St. Francis of Rome
Life of Saint Frances of Rome
Saint Frances of Rome, also known as Franziske av Rome and Francesca Bussa de’ Leoni was born in 1384 in Rome to the aristocrats, Paul Bussa and Jacobella de’ Roffredeschi.
At the age of 11, Saint Frances decided she wanted to enter the convent but her parents arranged a marriage for her when she was 13 years old. Although marriage was not in Saint Frances’ original plans, she remained happily married for 40 years. While her husband, Lorenzo, was away fighting in the war, Saint Frances and her sister tended to the poor and infirm of Rome.
Gift of Miracles
Saint Frances of Rome had visions of heavenly beings, including her guardian angel. Many pictures of Saint Frances of Rome depict her guardian angel standing behind her. Saint Francesca also saw visions of purgatory and hell, foretold the future, and could read the minds of others.
Saint Frances Establishes the Olivetan Oblates of Mary
On the feast of the Assumption, August 15, 1425, Saint Frances of Rome established the Olivetan Oblates of Mary. The women did not take vows but lived their lives in the service of the sick, the poor, and abandoned children.
In 1433, Pope Eugene IV gave permission for Saint Frances to found a Benedictine convent for the women. The Olivetan Oblates of Mary became known as the Oblates of Saint Frances of Rome, also called, Collatines.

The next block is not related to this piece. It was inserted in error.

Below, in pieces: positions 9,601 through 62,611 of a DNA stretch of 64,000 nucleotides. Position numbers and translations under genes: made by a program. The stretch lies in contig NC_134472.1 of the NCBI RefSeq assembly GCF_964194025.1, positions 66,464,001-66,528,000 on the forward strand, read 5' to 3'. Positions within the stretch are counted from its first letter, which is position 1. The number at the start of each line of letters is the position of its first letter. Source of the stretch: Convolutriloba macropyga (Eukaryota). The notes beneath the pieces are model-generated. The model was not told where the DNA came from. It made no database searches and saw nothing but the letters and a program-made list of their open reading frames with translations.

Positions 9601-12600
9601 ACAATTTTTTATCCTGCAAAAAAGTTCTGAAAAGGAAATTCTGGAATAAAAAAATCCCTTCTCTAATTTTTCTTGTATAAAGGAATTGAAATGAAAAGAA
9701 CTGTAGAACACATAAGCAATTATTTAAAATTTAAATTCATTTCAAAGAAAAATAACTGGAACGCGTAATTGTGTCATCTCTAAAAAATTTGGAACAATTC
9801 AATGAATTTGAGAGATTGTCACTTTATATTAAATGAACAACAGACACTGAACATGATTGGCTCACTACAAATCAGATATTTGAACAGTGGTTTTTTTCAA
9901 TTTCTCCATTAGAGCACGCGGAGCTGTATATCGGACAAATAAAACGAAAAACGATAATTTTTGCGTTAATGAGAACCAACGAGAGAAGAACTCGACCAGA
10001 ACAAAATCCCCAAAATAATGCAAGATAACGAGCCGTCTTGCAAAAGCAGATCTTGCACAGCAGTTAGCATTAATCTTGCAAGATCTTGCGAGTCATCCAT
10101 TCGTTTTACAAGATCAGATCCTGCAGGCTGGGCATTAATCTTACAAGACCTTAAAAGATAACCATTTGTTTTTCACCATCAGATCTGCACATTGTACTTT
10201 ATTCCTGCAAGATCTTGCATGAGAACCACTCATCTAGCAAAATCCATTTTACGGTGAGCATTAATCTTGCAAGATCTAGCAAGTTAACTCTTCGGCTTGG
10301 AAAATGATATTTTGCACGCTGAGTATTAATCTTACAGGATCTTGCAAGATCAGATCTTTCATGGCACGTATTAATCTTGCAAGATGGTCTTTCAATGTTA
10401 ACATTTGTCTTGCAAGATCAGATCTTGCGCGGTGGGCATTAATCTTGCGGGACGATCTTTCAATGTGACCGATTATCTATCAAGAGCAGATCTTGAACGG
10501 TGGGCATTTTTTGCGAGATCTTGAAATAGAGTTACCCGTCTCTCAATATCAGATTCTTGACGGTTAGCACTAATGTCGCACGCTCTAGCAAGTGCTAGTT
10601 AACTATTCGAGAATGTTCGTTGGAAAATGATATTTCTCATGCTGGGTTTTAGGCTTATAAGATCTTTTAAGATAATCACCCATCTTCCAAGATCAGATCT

After the death of her husband in 1436, Saint Frances became the mother superior of the convent. Saint Frances of Rome died on March 9, 1440. The Feast of Saint Frances of Rome is celebrated in the Catholic Church on March 9.
Saint Frances of Rome Canonized
Pope Paul V canonized Saint Frances of Rome on May 9, 1608. Her body remains in a crystal coffin beneath the sacristy floor in the church of Santa Francesca Romana. Here the faithful pay homage and pray to Saint Frances.
Saint Frances of Rome Patron Saint
Pope Pius XI named Saint Frances of Rome the patron saint of automobile drivers because it is said that an angel held a lantern for Saint Frances, lighting her way on dark roads to keep her safe from dangers. On March 9, the Feast of Saint Frances, priests bless drivers and their cars.
Many Catholics wear a Saint Frances of Rome necklace or a Saint Frances of Rome medal to protect them while they are driving.